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Nestor advises Agamemnon to make peace with Achilles so that he will rejoin the fighting. Agamemnon agrees that it was madness that made him insult their greatest warrior, and prepares an offer for Achilles. He will give the great warrior fabulous riches, including one of Agamemnon's own daughters as wife and seven of Agamemnon's citadels, if only he will return and "yield place to me, inasmuch as I am the kinglier" (9. 160). Nestor proposes sending Phoenix, Great Ajax, and Odysseus, as well as the heralds Odius and Eurybates.
The ambassadorial party goes to the Myrmidon encampment, and they find Achilles playing his lyre and sitting with his beloved companion Patroclus. The two men rise on seeing the party, and Achilles treats his guests with great courtesy, asking Patroclus to ready food and drink for them. A good meal is prepared, with sacrifices to the gods, and Odysseus makes his proposal to Achilles. He tells him that the Achaeans are in trouble and need their greatest fighter, and he gives Achilles Agamemnon's offer. The offer is repeated verbatim from Agamemnon's own speech until the end, where Odysseus leaves out Agamemnon's statement about Achilles needing to yield to Agamemnon's kingly majesty. Odysseus also adds one final, important argument: if Achilles still hates Agamemnon, he should rejoin the fighting out of pity for his friends and fellow soldiers, who are being slaughtered for want of their greatest warrior.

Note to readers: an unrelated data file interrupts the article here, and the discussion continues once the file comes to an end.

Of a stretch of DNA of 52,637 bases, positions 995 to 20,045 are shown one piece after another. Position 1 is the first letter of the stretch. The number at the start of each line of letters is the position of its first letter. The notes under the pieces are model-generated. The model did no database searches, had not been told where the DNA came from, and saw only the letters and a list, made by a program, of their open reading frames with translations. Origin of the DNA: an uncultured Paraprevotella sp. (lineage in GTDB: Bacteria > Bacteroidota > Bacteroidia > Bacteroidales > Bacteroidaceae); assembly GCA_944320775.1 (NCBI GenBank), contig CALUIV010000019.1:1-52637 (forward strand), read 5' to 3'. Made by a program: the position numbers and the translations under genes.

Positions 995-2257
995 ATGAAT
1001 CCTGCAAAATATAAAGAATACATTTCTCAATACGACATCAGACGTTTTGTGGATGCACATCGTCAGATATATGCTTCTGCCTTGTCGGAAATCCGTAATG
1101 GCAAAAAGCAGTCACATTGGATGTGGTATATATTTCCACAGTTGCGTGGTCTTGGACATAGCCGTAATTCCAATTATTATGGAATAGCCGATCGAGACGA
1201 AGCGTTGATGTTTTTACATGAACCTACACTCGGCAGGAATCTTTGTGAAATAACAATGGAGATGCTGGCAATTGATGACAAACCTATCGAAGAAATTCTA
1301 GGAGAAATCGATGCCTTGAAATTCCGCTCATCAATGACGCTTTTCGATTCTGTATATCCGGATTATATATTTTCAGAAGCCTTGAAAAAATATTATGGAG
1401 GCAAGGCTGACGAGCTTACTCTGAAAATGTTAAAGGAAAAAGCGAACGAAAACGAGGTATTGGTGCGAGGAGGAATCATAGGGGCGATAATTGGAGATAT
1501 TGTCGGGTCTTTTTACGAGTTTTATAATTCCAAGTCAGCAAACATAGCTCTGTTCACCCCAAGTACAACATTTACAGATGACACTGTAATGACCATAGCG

Achilles responds that he will not return, nor would he even if he were offered treasures far richer and greater than those offered by Agamemnon. The possessions, Achilles argues, are not worth his life. His mother has told him that he can either stay and fight and gain great glory, or he can return home and have a long life.